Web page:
What went wrong? A lot of foks will be relaying the tactics of things done and not done at MySpace. As well as tactics done and not done at Facebook. But underlying all those tactics was a very simple management mistake News Corp. made. News Corp tried to guide MySpace, to add planning, and to use “professional management” to determine the business’s future. That was fatally flawed when competing with Facebook which was managed in White Space, lettting the marketplace decide where the business should go.
If the movie about Facebook’s founding has any veracity, we can accept that none of the founders ever imagined the number of people and applications that Facebook would quickly attract. From parties to social games to product reviews and user networks – the uses that have brought 600 million users onto Facebook are far, far beyond anything the founders envisioned. According to the movie, the first effort to sell ads to anyone were completely unsuccessful, as uses behond college kids sharing items on each other were not on the table. It appeared like a business bust at the beginning.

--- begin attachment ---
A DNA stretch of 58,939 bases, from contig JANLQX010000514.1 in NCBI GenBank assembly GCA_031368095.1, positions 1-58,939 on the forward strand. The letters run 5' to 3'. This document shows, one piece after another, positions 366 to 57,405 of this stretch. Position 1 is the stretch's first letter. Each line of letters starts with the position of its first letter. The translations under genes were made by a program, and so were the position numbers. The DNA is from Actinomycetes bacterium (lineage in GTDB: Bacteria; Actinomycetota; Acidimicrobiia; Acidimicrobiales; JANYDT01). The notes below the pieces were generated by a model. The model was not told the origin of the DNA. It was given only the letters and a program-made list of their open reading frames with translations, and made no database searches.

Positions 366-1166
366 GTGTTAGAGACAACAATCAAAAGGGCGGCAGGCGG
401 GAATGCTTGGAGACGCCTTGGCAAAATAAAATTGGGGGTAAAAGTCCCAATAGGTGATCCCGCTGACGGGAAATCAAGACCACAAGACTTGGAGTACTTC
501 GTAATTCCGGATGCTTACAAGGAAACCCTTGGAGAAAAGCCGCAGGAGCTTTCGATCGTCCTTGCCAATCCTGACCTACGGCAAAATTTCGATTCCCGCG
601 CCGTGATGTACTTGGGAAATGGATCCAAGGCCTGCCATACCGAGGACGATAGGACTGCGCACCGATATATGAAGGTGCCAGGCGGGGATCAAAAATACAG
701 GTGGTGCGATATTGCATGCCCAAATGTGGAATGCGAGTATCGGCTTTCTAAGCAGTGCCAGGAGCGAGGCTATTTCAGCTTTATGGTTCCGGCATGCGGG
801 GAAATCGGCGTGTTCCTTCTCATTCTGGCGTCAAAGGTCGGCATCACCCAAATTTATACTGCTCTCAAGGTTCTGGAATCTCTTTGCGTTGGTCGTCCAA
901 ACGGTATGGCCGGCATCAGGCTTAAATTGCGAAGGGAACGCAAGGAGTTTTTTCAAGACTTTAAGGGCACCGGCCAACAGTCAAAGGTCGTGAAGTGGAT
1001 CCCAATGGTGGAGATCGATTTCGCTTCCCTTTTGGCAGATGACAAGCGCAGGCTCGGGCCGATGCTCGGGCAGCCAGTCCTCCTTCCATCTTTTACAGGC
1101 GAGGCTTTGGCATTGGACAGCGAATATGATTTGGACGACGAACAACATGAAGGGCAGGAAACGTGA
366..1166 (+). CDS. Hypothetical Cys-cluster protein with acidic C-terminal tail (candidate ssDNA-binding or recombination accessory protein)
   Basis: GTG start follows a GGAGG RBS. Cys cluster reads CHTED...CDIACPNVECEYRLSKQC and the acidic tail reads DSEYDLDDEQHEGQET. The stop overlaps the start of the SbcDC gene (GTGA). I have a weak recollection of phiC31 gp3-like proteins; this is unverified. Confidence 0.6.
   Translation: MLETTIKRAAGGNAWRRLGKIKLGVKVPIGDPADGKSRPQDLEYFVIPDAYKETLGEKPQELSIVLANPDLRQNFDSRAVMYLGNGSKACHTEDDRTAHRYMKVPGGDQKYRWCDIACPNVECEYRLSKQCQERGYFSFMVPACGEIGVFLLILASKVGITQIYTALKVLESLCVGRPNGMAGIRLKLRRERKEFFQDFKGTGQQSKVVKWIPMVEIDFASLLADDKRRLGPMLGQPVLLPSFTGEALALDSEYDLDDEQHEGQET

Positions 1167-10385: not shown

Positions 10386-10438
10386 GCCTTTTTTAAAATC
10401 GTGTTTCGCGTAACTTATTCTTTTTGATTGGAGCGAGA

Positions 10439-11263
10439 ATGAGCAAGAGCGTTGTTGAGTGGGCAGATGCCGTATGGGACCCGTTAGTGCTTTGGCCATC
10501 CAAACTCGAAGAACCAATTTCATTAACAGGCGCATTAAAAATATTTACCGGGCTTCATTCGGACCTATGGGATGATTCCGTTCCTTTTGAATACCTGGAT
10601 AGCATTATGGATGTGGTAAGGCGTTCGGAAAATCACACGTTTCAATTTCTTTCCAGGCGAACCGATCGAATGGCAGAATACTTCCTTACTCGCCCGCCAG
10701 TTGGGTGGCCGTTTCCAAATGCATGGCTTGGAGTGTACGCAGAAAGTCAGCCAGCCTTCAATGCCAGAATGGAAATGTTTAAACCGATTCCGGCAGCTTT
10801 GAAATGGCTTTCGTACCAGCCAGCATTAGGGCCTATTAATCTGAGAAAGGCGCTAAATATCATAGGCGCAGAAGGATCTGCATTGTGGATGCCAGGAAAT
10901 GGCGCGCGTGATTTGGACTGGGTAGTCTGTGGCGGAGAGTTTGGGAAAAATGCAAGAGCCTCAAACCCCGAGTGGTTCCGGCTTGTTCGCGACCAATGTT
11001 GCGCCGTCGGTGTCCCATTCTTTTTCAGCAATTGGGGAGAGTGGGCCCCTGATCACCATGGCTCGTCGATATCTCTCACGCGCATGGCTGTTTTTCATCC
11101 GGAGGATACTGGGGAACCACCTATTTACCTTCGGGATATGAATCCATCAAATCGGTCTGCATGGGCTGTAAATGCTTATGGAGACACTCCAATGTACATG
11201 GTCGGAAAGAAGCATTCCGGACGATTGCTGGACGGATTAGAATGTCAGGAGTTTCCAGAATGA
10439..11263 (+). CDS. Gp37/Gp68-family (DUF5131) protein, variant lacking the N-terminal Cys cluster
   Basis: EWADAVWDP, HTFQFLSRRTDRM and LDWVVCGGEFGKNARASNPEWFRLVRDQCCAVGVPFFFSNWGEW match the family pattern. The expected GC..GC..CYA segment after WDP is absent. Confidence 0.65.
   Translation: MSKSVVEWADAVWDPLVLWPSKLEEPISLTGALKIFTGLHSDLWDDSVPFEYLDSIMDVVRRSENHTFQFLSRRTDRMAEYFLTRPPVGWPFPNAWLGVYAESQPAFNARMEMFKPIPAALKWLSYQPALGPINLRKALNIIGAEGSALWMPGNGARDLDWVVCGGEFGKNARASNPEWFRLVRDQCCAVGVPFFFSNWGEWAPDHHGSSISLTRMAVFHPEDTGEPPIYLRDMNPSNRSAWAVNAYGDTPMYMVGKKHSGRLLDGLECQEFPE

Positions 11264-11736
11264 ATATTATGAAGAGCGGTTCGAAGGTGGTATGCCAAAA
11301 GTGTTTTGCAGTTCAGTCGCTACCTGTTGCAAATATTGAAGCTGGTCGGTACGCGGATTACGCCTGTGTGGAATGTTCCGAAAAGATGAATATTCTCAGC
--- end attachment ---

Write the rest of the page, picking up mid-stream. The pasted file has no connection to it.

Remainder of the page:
But, the brilliance of Mark Zuckerberg was his willingness to allow Facebook to go wherever the market wanted it. Farmville and other social games – why not? Different ways to find potential friends – go for it. The founders kept pushing the technology to do anything users wanted. If you have an idea for networking on something, Facebook pushed its tech folks to make it happen. And they kept listening. And looking within the comments for what would be the next application – the next promotion – the next revision that would lead to more uses, more users and more growth.
And that’s the nature of White Space management. No rules. Not really any plans. No forecasting markets. Or foretelling uses. No trying to be smarter than the users to determine what they shouldn’t do. Not prejudging ideas so as to limit capability and focus the business toward a projected conclusion. To the contrary, it was about adding, adding, adding and doing whatever would allow the marketplace to flourish. Permission to do whatever it takes to keep growing. And resource it as best you can – without prejudice as to what might work well, or even best. Keep after all of it. What doesn’t work stop resourcing, what does work do more.
Contrarily, at NewsCorp the leaders of MySpace had a plan. NewsCorp isn’t run by college kids lacking business sense. Leaders create Powerpoint decks describing where the business will head, where they will invest, how they will earn a positive ROI with projections of what will work – and why – and then plans to make it happen. They developed the plan, and then worked the plan. Plan and execute. The professional managers at News Corp looked into the future, decided what to do, and did it. They didn’t leave direction up to market feedback and crafty techies – they ran MySpace like a professional business.